When you think about Florida’s rivers and streams, the image of raging, foaming water never springs to mind. Yet up on the Suwannee River, just a few miles outside the historic town of White Springs, the Suwannee hides a secret that canoeists and kayakers kept to themselves for many years—Big Shoals. Inside Big Shoals State Park, the Big Shoals Trail leads you past the remains of a historic bridge across the Suwannee to scenic perches high atop the river bluffs when you can watch Florida’s only Class III rapids turn the tannic waters to root beer foam.
Location: White Springs
Length: 2.2 miles or 4.9 miles
Lat-Long: 30.352167, -82.687617
Type: round-trip or loop
Fees / Permits: state park entrance fee
Difficulty: easy to moderate
Bug factor: low to moderate
The park is open from 8 AM to dusk daily, and provides restrooms and picnic tables at the trailhead. Avoid walking the forest roads during hunting season (dates posted at the trailhead kiosk)—stick to the yellow-blazed Big Shoals Trail and the Long Branch Trail, which also departs from this trailhead.
From downtown White Springs, follow US 41 south until you see the Big Shoals sign. Turn north onto CR 135. Drive past the Little Shoals entrance to Big Shoals Public Lands, and continue another 2.3 miles to SE 94th Street. Follow this sometimes-rough road 1.7 miles to where it ends at the parking lot. You will pass one end of the Woodpecker Trail at the park gate.
Follow the yellow blazes and meander under hickories and laurel oaks past the old Godwin Bridge piers. Climbing up atop the river bluff, you have a view of the river framed by oaks and saw palmettos. Turn right to follow the trail as it weaves through the saw palmetto at the top of the bluff, providing sporadic panoramas of the calm black water below. A gnarled canopy of sparkleberry and sand live oaks shades your walk. You hear the muffled rumble of the rapids. The sound of rushing water amplifies with each footfall, increasing your anticipation.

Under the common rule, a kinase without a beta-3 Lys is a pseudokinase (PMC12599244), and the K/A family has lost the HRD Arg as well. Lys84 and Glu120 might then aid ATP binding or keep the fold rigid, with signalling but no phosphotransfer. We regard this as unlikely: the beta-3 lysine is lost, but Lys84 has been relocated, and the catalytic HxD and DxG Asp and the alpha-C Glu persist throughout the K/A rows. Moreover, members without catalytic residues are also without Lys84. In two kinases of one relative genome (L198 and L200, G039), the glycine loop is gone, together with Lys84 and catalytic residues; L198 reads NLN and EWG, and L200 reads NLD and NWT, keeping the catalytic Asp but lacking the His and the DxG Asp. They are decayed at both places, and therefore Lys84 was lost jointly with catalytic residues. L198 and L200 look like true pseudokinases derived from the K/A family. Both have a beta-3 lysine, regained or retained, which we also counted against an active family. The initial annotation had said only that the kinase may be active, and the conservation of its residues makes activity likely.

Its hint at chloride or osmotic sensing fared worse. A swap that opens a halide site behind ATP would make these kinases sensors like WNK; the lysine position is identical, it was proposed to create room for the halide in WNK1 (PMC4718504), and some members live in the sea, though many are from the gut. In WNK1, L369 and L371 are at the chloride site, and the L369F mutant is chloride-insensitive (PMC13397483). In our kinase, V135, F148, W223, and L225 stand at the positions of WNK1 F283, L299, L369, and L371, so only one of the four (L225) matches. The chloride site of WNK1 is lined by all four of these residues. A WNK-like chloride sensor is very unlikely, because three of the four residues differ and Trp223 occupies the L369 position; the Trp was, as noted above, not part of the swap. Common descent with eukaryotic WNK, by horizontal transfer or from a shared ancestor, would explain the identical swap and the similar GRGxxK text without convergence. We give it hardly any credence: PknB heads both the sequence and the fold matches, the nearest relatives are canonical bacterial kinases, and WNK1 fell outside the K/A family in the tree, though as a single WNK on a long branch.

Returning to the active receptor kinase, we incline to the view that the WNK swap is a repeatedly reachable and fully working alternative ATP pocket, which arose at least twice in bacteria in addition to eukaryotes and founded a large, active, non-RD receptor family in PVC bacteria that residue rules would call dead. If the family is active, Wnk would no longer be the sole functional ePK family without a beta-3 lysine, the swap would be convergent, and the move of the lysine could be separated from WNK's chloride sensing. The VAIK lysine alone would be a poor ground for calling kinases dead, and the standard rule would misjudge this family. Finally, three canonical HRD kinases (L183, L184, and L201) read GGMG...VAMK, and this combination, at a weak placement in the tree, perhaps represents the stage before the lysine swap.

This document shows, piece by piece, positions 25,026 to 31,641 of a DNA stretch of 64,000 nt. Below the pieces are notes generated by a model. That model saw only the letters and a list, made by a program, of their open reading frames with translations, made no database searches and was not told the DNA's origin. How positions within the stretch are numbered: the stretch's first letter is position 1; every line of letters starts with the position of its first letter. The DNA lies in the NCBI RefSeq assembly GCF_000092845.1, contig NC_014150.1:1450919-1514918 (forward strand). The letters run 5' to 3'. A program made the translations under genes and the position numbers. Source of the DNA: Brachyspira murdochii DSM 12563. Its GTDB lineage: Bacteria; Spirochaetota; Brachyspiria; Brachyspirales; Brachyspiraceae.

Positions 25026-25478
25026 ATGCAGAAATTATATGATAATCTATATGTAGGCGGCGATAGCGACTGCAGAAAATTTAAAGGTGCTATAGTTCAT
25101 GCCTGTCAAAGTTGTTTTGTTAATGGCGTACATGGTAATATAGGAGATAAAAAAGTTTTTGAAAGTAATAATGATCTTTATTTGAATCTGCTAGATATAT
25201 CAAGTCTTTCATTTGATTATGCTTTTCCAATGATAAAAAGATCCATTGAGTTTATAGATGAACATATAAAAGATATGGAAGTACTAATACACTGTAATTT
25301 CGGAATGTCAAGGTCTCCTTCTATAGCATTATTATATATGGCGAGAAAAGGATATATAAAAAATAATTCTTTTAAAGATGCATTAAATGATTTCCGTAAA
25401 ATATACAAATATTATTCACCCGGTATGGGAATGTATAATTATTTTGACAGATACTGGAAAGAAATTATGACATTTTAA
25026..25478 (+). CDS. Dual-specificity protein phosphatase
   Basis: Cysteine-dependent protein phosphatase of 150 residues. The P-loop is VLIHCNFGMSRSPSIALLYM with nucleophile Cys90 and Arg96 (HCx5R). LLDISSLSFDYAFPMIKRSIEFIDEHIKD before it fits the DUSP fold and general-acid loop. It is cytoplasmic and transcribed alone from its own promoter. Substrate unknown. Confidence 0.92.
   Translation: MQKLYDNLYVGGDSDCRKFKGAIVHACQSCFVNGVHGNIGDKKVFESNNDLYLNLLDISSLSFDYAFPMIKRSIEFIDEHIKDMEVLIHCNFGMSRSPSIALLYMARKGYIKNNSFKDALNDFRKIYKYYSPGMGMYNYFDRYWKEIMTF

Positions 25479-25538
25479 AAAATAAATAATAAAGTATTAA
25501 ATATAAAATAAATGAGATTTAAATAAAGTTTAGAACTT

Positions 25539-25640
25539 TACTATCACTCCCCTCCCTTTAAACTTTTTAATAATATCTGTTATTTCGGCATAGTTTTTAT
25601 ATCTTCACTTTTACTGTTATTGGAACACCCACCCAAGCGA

After a mile, you reach a spot where the water below seems to be increasing in speed, flowing over submerged rocks. The air feels thick, saturated with the droplets of water kicked up by the rapids. Farther along, peer through a break in the trees for a glimpse of the river flowing through small chutes. Clinging to limestone perches, healthy growths of aquatic grasses create the green patches in the dark water. At the next overlook, you have a sweeping view of the rapids of the Big Shoals. At the base of the bluff, the largest rapid bubbles like cola out of a soda fountain as it tumbles over the rock ledges, creating hydraulics. Water roars through a series of chutes in the limestone ledge.
Although the “official” nature trail ends within a few paces, the adventuresome hiker can keep going. When the yellow blazes end at a T intersection, turn right. Continue down along the river using a single-track bicycle trail created by the Suwannee Bicycle Club. You won’t be disappointed in the views.
Small sets of rapids continue well past the canoeists put-in, after their portage on the far side, and a line of limestone flowerpot formations—stone eroded into long, slender vase-like structures—stand up to 80 feet tall above the river. When the single-track ends, keep making right turns on the forest roads until they lead you back to the T intersection with the yellow blazes at the Big Shoals, providing a 4.9-mile loop. New to the park, the Woodpecker Trail is a 3.4 mile paved linear path between Big Shoals and Little Shoals, which can also help you complete the loop.